Thu Dec 28, 2006 · 486 words

About 6 months ago, me and my mother wanted to start building our family tree. It quickly became apparent that the Mac software scene is sorely lacking in this area. Most of the mature apps were either dated, didn't support Unicode (quite frankly an unacceptable flaw in a genealogy app) or were just too cumbersome to use. Family was cute, but lacked some important features (like any kind of textual backup or export).

Genealogy could be fun and educating at the same time. So I thought why not throw something together myself (having had some data modelling experience at school). The XCode project was called “Sugupuu” (Estonian for “family tree”). The model part was easy thanks to Core Data (you only really need one entity and a recursive relationship to get started), but the undertaking ground to a halt because of my lack of graphics programming experience. Life went on and the whole idea quietly faded into the background.

And then a few days ago it hit me - why not do the same thing, only for the web - as a nice Web.2 app. It would be heaps more useful like this as well! So I got back on it - first ported the data model to MySQL - which quickly turned out to be a dead end (flat tables != good for trees). Then I moved to a completely XML-based model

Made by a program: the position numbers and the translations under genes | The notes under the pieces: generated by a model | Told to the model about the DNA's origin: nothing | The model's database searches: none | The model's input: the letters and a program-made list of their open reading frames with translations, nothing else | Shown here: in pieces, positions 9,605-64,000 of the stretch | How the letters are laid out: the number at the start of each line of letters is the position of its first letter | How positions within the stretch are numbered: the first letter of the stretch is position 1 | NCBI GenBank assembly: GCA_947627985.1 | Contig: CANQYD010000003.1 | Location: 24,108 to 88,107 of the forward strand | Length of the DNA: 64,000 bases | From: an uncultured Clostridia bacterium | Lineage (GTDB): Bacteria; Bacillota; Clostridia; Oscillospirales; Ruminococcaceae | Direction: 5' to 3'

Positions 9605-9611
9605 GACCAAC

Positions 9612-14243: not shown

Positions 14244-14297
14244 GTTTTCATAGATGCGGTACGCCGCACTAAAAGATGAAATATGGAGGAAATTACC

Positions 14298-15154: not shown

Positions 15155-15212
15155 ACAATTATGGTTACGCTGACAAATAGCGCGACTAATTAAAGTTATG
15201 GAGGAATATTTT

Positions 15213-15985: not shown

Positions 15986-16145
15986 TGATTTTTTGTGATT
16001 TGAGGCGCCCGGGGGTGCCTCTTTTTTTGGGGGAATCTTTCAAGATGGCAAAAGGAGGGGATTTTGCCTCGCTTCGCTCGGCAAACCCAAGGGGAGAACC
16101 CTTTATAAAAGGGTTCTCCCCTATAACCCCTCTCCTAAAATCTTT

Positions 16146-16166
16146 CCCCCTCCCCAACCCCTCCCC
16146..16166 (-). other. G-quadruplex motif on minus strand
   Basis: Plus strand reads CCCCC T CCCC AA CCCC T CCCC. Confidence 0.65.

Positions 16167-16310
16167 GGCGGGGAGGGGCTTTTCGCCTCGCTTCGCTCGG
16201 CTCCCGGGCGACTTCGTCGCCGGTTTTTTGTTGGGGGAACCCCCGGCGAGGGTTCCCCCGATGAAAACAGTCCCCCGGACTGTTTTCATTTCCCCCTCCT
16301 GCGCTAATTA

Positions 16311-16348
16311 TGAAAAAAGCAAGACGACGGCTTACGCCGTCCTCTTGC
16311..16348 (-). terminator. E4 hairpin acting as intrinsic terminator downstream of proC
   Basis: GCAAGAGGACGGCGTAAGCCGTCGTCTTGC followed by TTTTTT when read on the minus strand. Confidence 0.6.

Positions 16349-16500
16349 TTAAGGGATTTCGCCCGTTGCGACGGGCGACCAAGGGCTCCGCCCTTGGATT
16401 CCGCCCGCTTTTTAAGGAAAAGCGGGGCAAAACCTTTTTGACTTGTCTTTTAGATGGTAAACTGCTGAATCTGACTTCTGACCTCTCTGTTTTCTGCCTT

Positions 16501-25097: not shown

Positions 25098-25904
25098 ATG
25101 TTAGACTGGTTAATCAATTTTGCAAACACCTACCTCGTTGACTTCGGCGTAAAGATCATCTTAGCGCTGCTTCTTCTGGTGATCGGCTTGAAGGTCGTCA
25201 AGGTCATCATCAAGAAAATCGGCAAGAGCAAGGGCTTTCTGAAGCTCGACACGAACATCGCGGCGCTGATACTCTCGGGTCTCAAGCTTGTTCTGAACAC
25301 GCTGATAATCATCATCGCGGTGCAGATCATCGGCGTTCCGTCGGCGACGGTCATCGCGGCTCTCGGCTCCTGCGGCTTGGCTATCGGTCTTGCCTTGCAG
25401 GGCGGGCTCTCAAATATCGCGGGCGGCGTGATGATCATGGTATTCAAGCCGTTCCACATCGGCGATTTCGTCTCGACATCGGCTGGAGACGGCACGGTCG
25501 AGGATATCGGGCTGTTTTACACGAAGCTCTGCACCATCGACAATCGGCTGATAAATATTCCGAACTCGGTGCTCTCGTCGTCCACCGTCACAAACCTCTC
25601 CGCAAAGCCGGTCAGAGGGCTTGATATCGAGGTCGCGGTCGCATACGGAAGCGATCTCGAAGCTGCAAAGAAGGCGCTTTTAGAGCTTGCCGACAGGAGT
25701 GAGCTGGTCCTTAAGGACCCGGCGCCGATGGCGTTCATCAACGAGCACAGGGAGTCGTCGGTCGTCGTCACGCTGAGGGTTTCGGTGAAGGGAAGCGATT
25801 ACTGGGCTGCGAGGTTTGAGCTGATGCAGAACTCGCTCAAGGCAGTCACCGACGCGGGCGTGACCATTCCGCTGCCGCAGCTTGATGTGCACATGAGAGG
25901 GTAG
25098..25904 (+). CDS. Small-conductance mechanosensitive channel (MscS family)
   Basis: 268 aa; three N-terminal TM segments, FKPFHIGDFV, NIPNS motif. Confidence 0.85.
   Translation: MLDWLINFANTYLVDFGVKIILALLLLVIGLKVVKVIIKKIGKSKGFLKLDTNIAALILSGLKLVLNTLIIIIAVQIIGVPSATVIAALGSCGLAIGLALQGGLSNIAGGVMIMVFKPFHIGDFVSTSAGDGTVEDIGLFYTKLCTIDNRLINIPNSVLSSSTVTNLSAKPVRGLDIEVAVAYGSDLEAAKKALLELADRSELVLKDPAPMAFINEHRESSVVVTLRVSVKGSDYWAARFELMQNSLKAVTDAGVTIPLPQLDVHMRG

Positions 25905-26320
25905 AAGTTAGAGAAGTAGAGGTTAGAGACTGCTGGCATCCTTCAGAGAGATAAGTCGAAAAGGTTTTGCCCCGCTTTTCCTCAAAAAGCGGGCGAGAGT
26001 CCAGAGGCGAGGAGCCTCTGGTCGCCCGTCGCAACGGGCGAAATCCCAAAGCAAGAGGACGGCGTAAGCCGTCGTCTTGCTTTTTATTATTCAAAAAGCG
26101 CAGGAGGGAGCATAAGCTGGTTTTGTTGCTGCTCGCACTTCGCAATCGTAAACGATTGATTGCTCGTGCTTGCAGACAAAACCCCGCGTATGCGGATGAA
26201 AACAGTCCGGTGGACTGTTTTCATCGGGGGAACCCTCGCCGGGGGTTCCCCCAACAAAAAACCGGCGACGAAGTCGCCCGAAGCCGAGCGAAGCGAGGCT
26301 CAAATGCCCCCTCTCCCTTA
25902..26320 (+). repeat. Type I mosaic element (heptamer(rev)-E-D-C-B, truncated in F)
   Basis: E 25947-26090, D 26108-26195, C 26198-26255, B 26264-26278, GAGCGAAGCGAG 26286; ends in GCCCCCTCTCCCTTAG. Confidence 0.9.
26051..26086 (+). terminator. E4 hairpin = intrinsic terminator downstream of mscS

XML makes me want to smoke crack. On the one hand it's this wonderful, easy-to-use and approachable grammar that gets you high on thinking you can describe anything, but when you really get down to it, you notice that that's all it is - a grammar. Most practical “standards” just frustrate the heck out of you. XSLT is a perfect example - turning XML into an XHTML document - everything sort of works until you (for example) start using JavaScript. DTD's are awful and Schema, for all my purposes, total overkill. And then come the browser incompatibilities…

SVG is another one - looks fantastic on paper (still rooting for as the “swf killer”), has been “around” for quite a while, yet you still need an ancient discontinued plugin to take advantage of some of it's nicer features. Lame. It seems wherever you look in the XML-space you always wind up with weird and undocumented behaviour.

RSS is a nice exception to this - an XML application that's truly easy to use and behaves like you would expect it to. Maybe that's one of the reason's it's become so popular too (it's actually usable!).

If I had to make a list of technologies I've wasted the most time fussing with, XML would probably take the cake. Only to eventually switch to something else, or drop the project completely.

The problem is, I really like this idea of a Web.2 genealogy app, so I'm not giving up. I sincerely hope this doesn't turn into vaporware…

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